Resting at Fireside Campground after day 1; the Typhoon among the pines

Continued in:
Part 3: Mother of Waters
Part 4: True journey is return

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Under milk weed

So far this season, one trip northward, one southward; leaving two cardinal points to cover. I’d been meaning to drop by the CamRock Café & Sport in Cambridge again, since it recently re-opened under new ownership; and Sandhill Station, just down from the bike trail, is a nice little campground that generally has room even with a few days’ notice; so, to the east then.

There were possible thunderstorms in the forecast, but I figured, since it was only one night away, it’d be a good opportunity to field-test my camping gear, which I hadn’t used in rainy conditions. If I got soaked, worst case was I’d come home first thing Sunday morning, dry off, and use the rest of the day to make up for lost sleep.

Despite my resolve to head out at sparrow-fart and avoid traffic on Cottage Grove Road, it was past 7 and already pretty bright when I hit the road – sunblock time already! Fortunately the traffic was still sparse, and before I knew it I was sauntering into Cottage Grove’s Olde Town Coffee House for an espresso. Inasmuch as anyone can saunter, covered in sweat and carrying two panniers and a shoulder-bag.

And just beyond the Olde Town, the trail. When I went up to Gibraltar Rock and Parfrey’s Glen the previous week, I didn’t notice a lot of milkweed; but by this time the trail-sides were thick with it wherever there was no tree canopy. As I went past I tried to keep an eye out for monarch caterpillars – or, indeed, adult monarchs – but didn’t see any of either. There were plenty of butterflies, though, such as this Painted Lady (Vanessa cardui):
Glacial Drumlin to Cambridge and Sandhill Station, 6/28/14-6/29/14
– with thanks to the iNaturalist community for helping me narrow down to species of Vanessa – and this skipper:
Glacial Drumlin to Cambridge and Sandhill Station, 6/28/14-6/29/14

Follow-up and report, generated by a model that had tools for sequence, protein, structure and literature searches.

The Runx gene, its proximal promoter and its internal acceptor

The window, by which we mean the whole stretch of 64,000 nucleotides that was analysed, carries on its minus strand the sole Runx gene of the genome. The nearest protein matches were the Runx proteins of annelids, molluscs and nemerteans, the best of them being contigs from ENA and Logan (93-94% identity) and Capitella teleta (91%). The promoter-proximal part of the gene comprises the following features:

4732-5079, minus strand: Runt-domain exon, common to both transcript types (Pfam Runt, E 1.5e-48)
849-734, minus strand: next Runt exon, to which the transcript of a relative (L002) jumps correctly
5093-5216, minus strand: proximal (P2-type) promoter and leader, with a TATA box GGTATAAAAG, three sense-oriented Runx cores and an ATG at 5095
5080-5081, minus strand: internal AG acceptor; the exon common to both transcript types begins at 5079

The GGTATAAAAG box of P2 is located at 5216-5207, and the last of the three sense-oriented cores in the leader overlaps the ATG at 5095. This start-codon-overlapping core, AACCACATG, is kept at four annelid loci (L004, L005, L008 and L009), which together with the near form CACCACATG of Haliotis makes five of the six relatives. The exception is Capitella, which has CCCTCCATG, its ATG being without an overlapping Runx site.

Just after seeing those I veered off the trail to ride the few miles of road into Cambridge for a very welcome second breakfast at the CamRock; while I was inside the sky opened in a torrent, and then cleared by the time I finished eating – very convenient. Afterwards I headed due east to check out Red Cedar Lake State Natural Area; which, at least at the entrance I used, offered very little to the land-bound, with only a short path near the boat landing. It looked great from the roadside though:
Red Cedar Lake SNA, nr. Cambridge, WI

After that I’d planned one or two more stops – Rose Lake SNA, and maybe a trip into Fort Atkinson – but after only about 25 miles of riding I found myself worn out, and headed up to the campground. Which has, in passing, the most civilized approach possible:
Bicycle entrance to Sandhill Station

The short trail into the campground was edged with considerable milkweed, supporting a variety of denizens; for instance, this swamp-milkweed leaf beetle (Labidomera clivicollis):
Swamp milkweed leaf beetle (Labidomera clivicollis), Sandhill Station
… this stealthy green insect that I have yet identify:
Glacial Drumlin to Cambridge and Sandhill Station, 6/28/14-6/29/14
and plenty of very active orthopterans:
Glacial Drumlin to Cambridge and Sandhill Station, 6/28/14-6/29/14

There followed a relaxing afternoon of lazing around in the Sun on my air-mattress, drinking beer and reading, which is not very relevant to the focus of this blog. At one point, a gorgeous Virginia ctenucha moth wandered over and landed on my pillow, but flew off before I could bring the camera to bear.